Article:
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3.4.2 tar Options

--absolute-names
-P
Normally when creating an archive, tar strips an initial ‘/’ from member names. This option disables that behavior. See absolute.


--after-date
(See --newer, see after)


--anchored
An exclude pattern must match an initial subsequence of the name's components. See controlling pattern-matching with exclude.


--atime-preserve
--atime-preserve=replace
--atime-preserve=system
Attempt to preserve the access time of files when reading them. This option currently is effective only on files that you own, unless you have superuser privileges.

--atime-preserve=replace remembers the access time of a file before reading it, and then restores the access time afterwards. This may cause problems if other programs are reading the file at the same time, as the times of their accesses will be lost. On most platforms restoring the access time also requires tar to restore the data modification time too, so this option may also cause problems if other programs are writing the file at the same time. (Tar attempts to detect this situation, but cannot do so reliably due to race conditions.) Worse, on most platforms restoring the access time also updates the status change time, which means that this option is incompatible with incremental backups.

--atime-preserve=system avoids changing time stamps on files, without interfering with time stamp updates caused by other programs, so it works better with incremental backups. However, it requires a special O_NOATIME option from the underlying operating and file system implementation, and it also requires that searching directories does not update their access times. As of this writing (November 2005) this works only with Linux, and only with Linux kernels 2.6.8 and later. Worse, there is currently no reliable way to know whether this feature actually works. Sometimes tar knows that it does not work, and if you use --atime-preserve=system then tar complains and exits right away. But other times tar might think that the option works when it actually does not.

Currently --atime-preserve with no operand defaults to --atime-preserve=replace, but this may change in the future as support for --atime-preserve=system improves.

If your operating system does not support --atime-preserve=system, you might be able to preserve access times reliably by by using the mount command. For example, you can mount the file system read-only, or access the file system via a read-only loopback mount, or use the ‘noatime’ mount option available on some systems. However, mounting typically requires superuser privileges and can be a pain to manage.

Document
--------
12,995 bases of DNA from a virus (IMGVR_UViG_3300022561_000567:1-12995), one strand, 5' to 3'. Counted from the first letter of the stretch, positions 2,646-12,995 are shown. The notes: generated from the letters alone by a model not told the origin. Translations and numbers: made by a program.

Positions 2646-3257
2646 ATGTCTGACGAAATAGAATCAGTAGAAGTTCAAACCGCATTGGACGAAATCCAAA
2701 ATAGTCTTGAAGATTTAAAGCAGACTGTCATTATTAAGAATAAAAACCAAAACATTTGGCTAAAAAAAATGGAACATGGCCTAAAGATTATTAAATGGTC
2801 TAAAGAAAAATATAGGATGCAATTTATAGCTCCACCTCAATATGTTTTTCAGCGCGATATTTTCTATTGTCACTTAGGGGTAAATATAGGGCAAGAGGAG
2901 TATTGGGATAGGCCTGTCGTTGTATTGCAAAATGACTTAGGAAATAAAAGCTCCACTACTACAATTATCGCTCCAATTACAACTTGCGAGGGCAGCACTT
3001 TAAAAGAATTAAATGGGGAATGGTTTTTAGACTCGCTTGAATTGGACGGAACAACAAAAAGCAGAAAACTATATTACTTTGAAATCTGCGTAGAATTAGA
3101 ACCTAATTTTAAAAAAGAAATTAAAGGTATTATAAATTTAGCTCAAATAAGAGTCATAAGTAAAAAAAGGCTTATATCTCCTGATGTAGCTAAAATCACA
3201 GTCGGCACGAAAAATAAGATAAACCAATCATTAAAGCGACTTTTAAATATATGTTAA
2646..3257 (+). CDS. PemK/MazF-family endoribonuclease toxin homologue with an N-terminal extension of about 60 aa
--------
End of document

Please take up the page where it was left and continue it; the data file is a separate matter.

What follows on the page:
--backup=backup-type
Rather than deleting files from the file system, tar will back them up using simple or numbered backups, depending upon backup-type. See backup.


--block-number
-R
With this option present, tar prints error messages for read errors with the block number in the archive file. See block-number.


--blocking-factor=blocking
-b blocking
Sets the blocking factor tar uses to blocking x 512 bytes per record. See Blocking Factor.


--bzip2
-j
This option tells tar to read or write archives through bzip2. See gzip.


--checkpoint
This option directs tar to print periodic checkpoint messages as it reads through the archive. Its intended for when you want a visual indication that tar is still running, but don't want to see --verbose output.


--check-links
-l
If this option was given, tar will check the number of links dumped for each processed file. If this number does not match the total number of hard links for the file, a warning message will be output.

Future versions will take -l as a short version of --check-links. However, current release still retains the old semantics for -l.

See Changes, for more information.


--compress
--uncompress
-Z
tar will use the compress program when reading or writing the archive. This allows you to directly act on archives while saving space. See gzip.